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Working for peace in Orissa
May 4, 2009
AKRON, Pa. — In the wake of widespread violence against Christians in India's Orissa state, Mennonite Central Committee (MCC) is helping to provide training to peacemakers such as Prabhudutt Nayak, a Christian social worker who is working to defuse tensions between Orissa's different ethnic and religious groups.
Nayak is a program manager with Asha Kiran Society, an Indian organization that MCC supports in carrying out agricultural development and primary health care projects in Orissa.
After the assassination of a Hindu religious leader on Aug. 23, 2008, longstanding tensions in Orissa boiled to the surface. Rioters blamed Christians for the leader's death and burned thousands of houses, killed scores of people and caused an estimated 50,000 Christians to flee their homes.
"We talk about the type of violence that is taking place and how we can prevent it," Nayak says.
One such gathering brought together about 50 people in Koraput district in December, and another is planned for May.
Nayak says he is using the skills he learned as a student at two international schools of peace and reconciliation several years ago — Henry Martyn Institute in India and Mindanao Peacebuilding Institute in the Philippines.
MCC sponsored Nayak's studies as part of an ongoing effort to provide training to people working for peace in Orissa. In 2008, MCC sponsored one Brethren in Christ student from Orissa to attend the Mindanao Peacebuilding Institute, and MCC is sponsoring another two students from Orissa — one Christian and one Hindu — to attend the institute in May 2009.
MCC is also sponsoring workshops on peace and reconciliation for groups of Christians and Hindus in Orissa, including schoolchildren in impoverished neighborhoods of the state capital, Bhubaneswar.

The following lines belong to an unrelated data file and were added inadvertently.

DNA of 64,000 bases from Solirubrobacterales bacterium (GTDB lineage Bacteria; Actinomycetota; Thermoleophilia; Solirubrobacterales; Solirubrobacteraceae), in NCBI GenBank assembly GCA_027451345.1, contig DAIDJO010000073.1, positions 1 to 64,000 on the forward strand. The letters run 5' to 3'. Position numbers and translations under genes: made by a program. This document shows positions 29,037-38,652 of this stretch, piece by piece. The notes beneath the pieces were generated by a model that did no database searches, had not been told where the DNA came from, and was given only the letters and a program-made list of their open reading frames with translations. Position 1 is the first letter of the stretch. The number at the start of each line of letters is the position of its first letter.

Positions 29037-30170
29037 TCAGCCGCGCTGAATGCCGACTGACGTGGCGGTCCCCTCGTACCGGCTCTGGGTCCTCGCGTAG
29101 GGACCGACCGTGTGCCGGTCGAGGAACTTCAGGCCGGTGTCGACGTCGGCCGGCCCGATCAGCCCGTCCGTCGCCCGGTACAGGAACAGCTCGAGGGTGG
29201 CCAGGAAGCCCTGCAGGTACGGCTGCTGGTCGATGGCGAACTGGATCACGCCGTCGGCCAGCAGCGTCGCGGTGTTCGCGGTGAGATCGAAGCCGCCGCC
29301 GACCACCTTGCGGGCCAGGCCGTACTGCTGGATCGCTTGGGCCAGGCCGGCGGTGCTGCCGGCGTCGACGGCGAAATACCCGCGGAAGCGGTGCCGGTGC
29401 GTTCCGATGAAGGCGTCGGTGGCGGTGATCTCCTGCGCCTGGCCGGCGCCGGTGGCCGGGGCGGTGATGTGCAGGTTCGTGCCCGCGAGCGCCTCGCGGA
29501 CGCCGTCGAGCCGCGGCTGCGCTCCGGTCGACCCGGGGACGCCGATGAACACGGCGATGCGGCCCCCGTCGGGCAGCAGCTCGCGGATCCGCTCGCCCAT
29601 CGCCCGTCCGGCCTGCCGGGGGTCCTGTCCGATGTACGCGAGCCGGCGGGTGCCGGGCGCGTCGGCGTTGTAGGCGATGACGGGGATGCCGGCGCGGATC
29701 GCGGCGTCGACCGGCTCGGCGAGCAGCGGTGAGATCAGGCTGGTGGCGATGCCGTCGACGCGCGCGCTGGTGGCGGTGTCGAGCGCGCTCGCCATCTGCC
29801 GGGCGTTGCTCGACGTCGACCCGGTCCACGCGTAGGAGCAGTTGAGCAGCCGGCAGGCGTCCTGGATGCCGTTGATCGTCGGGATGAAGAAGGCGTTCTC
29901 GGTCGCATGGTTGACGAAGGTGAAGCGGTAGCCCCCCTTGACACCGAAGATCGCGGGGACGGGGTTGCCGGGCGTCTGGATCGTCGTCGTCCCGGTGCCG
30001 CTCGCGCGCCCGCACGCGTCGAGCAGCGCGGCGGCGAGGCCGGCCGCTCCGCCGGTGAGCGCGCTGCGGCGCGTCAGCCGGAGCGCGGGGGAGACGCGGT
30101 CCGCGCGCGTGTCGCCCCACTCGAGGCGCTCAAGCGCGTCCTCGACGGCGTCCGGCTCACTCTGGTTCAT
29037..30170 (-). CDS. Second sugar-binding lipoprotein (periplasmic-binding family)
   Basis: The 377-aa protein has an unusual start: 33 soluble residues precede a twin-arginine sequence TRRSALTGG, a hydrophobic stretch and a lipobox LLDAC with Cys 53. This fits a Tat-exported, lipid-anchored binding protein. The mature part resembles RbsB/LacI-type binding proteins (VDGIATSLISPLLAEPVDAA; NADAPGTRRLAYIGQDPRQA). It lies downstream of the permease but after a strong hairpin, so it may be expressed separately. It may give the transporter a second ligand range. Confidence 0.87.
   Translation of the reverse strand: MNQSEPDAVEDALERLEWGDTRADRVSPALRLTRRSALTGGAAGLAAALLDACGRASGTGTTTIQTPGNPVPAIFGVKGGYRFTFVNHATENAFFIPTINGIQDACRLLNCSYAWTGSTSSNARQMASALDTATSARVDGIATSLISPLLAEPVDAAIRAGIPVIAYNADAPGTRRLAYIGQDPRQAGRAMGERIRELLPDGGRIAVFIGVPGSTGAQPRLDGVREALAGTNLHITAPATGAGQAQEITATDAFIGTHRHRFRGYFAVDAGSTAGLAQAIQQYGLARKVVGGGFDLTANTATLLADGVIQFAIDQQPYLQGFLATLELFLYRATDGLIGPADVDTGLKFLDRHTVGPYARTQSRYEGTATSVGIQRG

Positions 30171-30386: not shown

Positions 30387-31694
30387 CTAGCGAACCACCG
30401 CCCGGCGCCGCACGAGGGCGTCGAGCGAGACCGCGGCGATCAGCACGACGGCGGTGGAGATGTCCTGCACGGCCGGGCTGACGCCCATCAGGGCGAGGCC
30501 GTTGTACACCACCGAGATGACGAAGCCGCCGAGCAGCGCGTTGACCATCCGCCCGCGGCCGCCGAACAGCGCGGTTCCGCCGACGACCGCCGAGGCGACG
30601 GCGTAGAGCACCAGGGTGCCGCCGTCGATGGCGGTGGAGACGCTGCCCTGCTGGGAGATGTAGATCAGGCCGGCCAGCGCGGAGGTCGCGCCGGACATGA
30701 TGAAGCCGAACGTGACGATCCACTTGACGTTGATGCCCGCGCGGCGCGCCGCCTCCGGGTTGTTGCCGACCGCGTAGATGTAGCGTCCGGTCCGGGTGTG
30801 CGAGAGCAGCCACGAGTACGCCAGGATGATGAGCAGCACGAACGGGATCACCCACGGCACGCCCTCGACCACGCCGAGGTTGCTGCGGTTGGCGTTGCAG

MCC has worked in Orissa since providing relief and reconstruction assistance in the wake of a devastating cyclone in 1999.
Nayak says that there are many causes of conflict in Orissa, including politics and land disputes. Interreligious tensions have grown for decades as both Christians and Hindus have sought converts among Orissa's many indigenous people, who belong to 62 different tribes and are traditionally neither Christian nor Hindu.
MCC is committed to working for peace with both Christians and Hindus in Orissa, according to Earl Zimmerman, MCC India representative.
"Theologically, such a stance of inter-religious cooperation can draw on the innate dignity of all people as created in the image of God," Zimmerman wrote in an e-mail.
Although Christians bore the brunt of last year's violence, many Christian youths are also taking up arms by joining an Indian communist rebel movement called the Naxalites, Nayak says. Nayak is trying to persuade youths to follow Christ's way of peace instead.
"We have to teach these youths ... not to take weapons but to do some kinds of peace initiatives," he says.
Tim Shenk is a writer for Mennonite Central Committee.